The results for the ISFE calculated for disordered nonmagnetic FeMn-alloys are shown in Fig. 2(b). In contrast to the low temperature case where only ordered structures have been assumed, the qualitative agreement with the empirical data is improved: The SFE no longer monotonously increase with the Mn concentration, but correctly reproduce the minimum of the SFE at medium Mn content (cMn≈25%). Quantitatively, however, the agreement is less satisfactory and is similar to a case of the ordered nonmagnetic alloy.

Because the type of the antiferromagnetic ordering (e.g., layer-wise aFM, double layer aFM, spin-spiral state), as well as the chemical order-disorder transition temperature is not known from experiment, we consider first the paramagnetic phase of the FeMn-alloys and assume that no chemical order exists in the system. Such a paramagnetic chemically disordered alloy corresponds then to the high temperature state of the crystal. To simulate such a scenario we have employed a similar approach as used for nonmagnetic disordered alloys, i.e. a combination of the SQS and the ANNNI model: the paramagnetic state of the system was simulated with quasiquaternary alloys Fex/2Fex/2Mn(1-x)/2Mn(1-x)/2, where a collinear magnetic structure is assumed and ↑,↓ correspond to up and down spin channels of the system. This approach is formally equivalent to the disordered local moment (DLM) model, that is known to provide a reliable description of the paramagnetic state of the crystal [9]. The results of the corresponding calculations are shown in Fig. 2(b) by the blue dots.  They clearly indicate that magnetic interactions indeed play an essential role in FeMn-alloys and cannot be disregarded. Specifically, the ISFE are increased for all compositions when compared with the corresponding nonmagnetic structures, with the most pronounced magnitude of the increase at low Mn-content. Further, the experimentally observed presence of the SFE minimum at Mn-concentrations less than 50% is reproduced. Still, although the quantitative agreement between the first principles and empirical data has been significantly improved by accurately taking into account magnetism and chemical disorder, the present level of accuracy is still not sufficient for qualitative prediction of the plastic properties of FeMn-alloys, for which errors in the order of several mJ/m2 may become important.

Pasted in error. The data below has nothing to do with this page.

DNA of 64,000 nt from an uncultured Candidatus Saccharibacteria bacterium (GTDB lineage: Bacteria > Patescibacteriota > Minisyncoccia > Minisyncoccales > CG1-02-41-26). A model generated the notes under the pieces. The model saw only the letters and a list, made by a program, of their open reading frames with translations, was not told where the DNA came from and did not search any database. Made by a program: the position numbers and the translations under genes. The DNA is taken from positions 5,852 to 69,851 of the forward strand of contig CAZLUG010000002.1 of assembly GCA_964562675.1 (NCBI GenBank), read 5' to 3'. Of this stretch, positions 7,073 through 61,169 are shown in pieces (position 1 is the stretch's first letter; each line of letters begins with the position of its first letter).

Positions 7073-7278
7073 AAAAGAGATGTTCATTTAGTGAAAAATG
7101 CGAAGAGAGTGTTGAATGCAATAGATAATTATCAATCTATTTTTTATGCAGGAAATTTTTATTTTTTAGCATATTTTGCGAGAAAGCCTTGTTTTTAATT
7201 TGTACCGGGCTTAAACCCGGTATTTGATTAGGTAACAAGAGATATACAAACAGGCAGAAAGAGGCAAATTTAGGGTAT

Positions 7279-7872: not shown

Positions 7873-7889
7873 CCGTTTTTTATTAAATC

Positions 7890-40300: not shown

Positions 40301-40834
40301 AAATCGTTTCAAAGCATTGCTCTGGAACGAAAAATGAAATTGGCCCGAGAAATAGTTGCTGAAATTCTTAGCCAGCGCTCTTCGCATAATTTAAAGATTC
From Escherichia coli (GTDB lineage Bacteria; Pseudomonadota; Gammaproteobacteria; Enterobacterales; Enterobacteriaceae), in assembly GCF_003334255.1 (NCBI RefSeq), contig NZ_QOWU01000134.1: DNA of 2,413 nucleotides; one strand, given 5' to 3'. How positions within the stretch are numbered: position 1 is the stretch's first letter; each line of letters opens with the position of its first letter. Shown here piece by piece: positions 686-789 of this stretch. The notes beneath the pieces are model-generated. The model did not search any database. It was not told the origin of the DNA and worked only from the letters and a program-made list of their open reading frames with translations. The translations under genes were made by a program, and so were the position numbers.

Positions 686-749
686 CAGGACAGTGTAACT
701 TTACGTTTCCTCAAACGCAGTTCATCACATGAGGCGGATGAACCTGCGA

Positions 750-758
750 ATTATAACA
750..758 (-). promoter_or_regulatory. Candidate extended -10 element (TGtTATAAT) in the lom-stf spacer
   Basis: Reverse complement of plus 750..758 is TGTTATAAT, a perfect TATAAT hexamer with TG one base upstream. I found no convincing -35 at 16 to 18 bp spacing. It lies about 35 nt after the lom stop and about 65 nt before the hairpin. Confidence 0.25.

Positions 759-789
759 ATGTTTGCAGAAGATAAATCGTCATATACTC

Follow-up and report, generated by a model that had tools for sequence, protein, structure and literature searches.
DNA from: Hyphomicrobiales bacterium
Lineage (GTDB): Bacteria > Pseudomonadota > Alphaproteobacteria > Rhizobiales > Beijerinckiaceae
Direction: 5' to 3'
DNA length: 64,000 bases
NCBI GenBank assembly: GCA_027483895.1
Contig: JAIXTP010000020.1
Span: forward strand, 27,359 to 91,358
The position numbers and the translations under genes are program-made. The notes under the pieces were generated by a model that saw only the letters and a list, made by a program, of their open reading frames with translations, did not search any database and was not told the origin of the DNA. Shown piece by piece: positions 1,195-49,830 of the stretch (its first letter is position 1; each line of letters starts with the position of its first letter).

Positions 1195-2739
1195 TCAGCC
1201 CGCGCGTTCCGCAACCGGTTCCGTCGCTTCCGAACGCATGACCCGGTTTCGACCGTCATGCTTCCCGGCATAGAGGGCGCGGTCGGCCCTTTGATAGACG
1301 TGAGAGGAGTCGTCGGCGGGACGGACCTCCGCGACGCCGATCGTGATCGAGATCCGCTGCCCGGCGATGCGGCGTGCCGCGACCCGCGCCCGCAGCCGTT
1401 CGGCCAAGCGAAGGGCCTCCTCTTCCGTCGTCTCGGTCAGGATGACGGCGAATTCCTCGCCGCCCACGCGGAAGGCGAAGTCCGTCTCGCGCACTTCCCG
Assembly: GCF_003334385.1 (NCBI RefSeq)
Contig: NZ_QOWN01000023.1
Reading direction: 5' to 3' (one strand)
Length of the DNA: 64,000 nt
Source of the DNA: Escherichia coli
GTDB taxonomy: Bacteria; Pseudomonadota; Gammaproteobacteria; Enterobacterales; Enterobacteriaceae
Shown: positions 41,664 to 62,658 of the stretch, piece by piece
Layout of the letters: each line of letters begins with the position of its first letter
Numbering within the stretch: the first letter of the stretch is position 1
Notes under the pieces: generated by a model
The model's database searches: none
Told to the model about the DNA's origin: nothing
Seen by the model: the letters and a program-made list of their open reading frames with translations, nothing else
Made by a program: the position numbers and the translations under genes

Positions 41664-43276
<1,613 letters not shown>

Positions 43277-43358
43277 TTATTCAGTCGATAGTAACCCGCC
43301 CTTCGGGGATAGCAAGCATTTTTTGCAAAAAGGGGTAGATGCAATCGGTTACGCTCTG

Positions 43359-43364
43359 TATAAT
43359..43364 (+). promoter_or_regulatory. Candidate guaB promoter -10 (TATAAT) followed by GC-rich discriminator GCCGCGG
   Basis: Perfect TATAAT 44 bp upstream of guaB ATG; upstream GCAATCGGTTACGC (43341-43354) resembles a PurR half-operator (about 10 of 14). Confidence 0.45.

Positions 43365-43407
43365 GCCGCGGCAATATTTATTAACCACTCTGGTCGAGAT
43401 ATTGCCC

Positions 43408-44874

To identify the source of the remaining discrepancy we restrict here on the case of pure fcc Fe, where no complication due to unknown chemical order exist. We note first that the calculated SFE of the paramagnetic disordered phase corresponds to T=0 K. In reality, however, this state is realized only at elevated temperatures. For an adequate comparison, therefore, it is necessary to account for the temperature dependence of the SFE. In the framework of the ANNNI model the problem substantially simplifies and requires only a description of the temperature-dependent free energy G(T) of bulk crystals with different stacking sequences.  Although it is principally possible to calculate G(T) explicitly (see, e.g., highlight #Highlight_TILMANN-HICKEL,FRITZ-KOERMANN,BLAZEJ-GRABOWSKI#), we employ here a more approximate treatment of the temperature effects. Specifically, we explicitly include the volume change temperature by extracting the thermal linear expansion coefficient from experimental data and extrapolating it to low temperature [13]. We further include the effects of magnetic entropy via the mean-field expression:

Smag(V)=Σ kB ln(2Si(V)+1), (4)

where Si(V) is the volume dependent spin quantum number of the atom i, which can be related to the corresponding localized atomic magnetic moment mi(V)=2Si(V) [9]. The contribution due to vibrational entropy is not included. The obtained estimate of the free energy G(T)=E(V(T))-TSmag(V(T)) corresponds to the upper limit for both the magnetic entropy and the thermal volume expansion.

Fig. 3
Fig. 3: Temperature dependence of the intrinsic stacking fault energy in paramagnetic fcc Fe obtained when the thermal volume expansion and the contribution of the magnetic excitations are included. The empirical dependence is taken from Ref. 3.